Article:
Porosity and grain size controls on compaction band formation in Jurassic Navajo Sandstone



[1] Determining the rock properties that permit or impede the growth of compaction bands in sedimentary sequences is a critical problem of importance to studies of strain localization and characterization of subsurface geologic reservoirs. We determine the porosity and average grain size of a sequence of stratigraphic layers of Navajo Sandstone that are then used in a critical state model to infer plastic yield envelopes for the layers. Pure compaction bands are formed in layers having the largest average grain sizes (0.42–0.45 mm) and porosities (28%), and correspondingly the smallest values of critical pressure (∼22 MPa) in the sequence. The results suggest that compaction bands formed in these layers after burial to ∼1.5 km depth in association with thrust faulting beneath the nearby East Kaibab monocline, and that hardening of the yield caps accompanied compactional deformation of the layers.

1. Introduction

[2] The productivity for petroleum and groundwater, and CO2 sequestration potential, of subsurface geologic reservoirs is in part affected by the spatial distribution of structural discontinuities such as fractures and deformation bands. Compaction bands are a type of deformation band characterized by a reduction in porosity and permeability across a tabular zone, in which compactional strains equal or exceed shear strains, that is typically a few mm's to cm's thick [e.g., Fossen et al., 2007]. Compaction bands are only found in medium to coarse-grained sandstone layers of very high porosity and are so far only reported from a few localities in the world [e.g., Mollema and Antonellini, 1996; Sternlof et al., 2005; Holcomb et al., 2007]. Understanding the controls on compaction band formation is of great interest because these tabular zones of reduced permeability could act as baffles to subsurface fluid flow.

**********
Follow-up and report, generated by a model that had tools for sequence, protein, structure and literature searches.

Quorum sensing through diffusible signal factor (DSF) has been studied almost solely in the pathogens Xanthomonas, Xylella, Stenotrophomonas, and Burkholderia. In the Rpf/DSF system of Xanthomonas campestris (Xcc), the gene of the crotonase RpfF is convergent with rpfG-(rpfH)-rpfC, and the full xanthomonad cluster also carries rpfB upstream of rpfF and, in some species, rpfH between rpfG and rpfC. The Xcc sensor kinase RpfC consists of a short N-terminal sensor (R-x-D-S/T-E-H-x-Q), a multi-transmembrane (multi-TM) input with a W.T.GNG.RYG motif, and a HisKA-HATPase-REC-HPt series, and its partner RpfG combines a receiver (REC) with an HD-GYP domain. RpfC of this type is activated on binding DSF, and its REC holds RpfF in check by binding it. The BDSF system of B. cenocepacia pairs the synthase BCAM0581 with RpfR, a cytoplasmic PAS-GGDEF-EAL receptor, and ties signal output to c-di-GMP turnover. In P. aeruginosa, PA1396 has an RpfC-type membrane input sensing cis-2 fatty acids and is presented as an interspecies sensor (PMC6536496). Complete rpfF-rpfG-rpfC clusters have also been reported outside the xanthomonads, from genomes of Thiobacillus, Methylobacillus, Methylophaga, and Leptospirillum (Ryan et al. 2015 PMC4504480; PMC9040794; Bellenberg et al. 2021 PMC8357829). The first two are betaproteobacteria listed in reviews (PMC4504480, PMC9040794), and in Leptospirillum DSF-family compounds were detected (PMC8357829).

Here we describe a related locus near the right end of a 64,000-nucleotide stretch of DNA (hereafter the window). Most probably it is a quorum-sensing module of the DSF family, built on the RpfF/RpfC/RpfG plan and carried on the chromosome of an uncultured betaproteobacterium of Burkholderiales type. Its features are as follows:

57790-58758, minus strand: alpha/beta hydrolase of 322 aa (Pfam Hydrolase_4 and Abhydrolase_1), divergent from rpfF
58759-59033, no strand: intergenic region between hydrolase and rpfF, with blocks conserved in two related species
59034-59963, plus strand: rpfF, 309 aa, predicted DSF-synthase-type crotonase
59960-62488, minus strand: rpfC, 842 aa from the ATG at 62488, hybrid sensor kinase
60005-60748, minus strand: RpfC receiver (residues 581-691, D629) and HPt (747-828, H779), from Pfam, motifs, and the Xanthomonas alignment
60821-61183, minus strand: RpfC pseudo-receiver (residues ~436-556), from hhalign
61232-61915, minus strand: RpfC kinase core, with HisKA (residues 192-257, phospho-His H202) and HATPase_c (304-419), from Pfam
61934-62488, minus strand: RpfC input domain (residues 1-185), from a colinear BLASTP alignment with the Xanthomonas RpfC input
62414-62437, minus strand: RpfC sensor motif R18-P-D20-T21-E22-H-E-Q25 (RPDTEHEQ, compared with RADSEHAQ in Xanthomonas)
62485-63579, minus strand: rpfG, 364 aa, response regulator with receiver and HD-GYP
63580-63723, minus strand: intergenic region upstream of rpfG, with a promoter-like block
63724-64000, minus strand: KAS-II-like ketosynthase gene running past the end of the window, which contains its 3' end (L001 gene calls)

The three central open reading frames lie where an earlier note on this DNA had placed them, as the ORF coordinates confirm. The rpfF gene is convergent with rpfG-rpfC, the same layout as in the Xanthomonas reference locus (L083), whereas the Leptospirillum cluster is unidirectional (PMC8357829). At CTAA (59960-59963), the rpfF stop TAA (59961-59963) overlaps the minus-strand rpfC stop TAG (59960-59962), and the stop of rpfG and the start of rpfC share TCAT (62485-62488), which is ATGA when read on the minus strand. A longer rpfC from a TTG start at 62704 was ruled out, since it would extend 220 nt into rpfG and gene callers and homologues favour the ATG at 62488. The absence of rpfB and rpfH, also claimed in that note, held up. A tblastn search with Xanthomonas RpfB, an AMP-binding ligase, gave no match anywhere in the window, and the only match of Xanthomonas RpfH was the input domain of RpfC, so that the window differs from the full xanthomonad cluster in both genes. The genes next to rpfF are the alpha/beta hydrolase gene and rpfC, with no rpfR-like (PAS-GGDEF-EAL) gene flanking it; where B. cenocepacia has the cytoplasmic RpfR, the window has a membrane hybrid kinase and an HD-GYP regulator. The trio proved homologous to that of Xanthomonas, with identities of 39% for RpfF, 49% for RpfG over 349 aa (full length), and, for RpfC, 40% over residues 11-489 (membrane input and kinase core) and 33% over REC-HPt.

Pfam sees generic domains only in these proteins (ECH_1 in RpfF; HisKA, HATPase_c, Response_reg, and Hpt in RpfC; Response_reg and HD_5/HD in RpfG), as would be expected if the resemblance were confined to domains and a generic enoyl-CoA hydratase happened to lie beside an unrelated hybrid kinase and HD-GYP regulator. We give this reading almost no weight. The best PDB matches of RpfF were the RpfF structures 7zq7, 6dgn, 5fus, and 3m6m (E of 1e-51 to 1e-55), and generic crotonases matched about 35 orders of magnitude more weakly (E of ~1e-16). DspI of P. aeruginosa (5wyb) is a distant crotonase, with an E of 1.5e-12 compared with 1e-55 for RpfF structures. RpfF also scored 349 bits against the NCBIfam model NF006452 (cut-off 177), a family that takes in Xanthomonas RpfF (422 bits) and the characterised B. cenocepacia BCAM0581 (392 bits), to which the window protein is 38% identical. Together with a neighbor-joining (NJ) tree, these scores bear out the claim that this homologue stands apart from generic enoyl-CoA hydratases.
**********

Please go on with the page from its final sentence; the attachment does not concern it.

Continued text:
[3] Laboratory experiments and theoretical work suggest that compaction bands may form under particular sets of evolving host-rock properties, stress states, and loading paths [e.g., Olsson, 1999, 2000; Issen and Rudnicki, 2000; Bésuelle and Rudnicki, 2004], and field relations demonstrate that compaction bands can be restricted to certain layers within the same stratigraphic unit [e.g., Mollema and Antonellini, 1996; Eichhubl et al., 2010]. A key question is what petrophysical properties permit, or impede, the growth of compaction bands under a particular stress state [e.g., Olsson, 1999; Wong et al., 2001; Haimson and Lee, 2004; Stanchits et al., 2009]. Such alternating compaction band-rich and compaction band-free layers are often sufficiently thin (a few 10's of cm) that they can be assumed to have undergone the same overall deformation histories. The selective formation of compaction bands in such sequences indicates that strain was accommodated differently in adjacent layers. In this paper we explore why this is the case.

[4] We address this question by analyzing a remarkable outcrop of compaction bands in south central Utah. The compaction band locality studied by Mollema and Antonellini [1996] and Schultz [2009] contains an outcrop of Jurassic Navajo Sandstone where several sets of compaction bands are well exposed in cross-section (Figure 1). Using field and microstructural observations from this exposure, we investigate the effects that porosity and grain size had in facilitating or impeding the growth of compaction bands under a particular stress state.

Figure 1.

Compaction bands in the field locality in south central Utah (37.0526°N, −111.9859°W). (a) Outcropping of the five sandstone layers analyzed in this study and the attendant compaction bands. (b) Example of the near-vertical, pure compaction bands and the dipping, shear-enhanced compaction bands. (c) Termination of a pure compaction band along the contact between layers 3 and 4.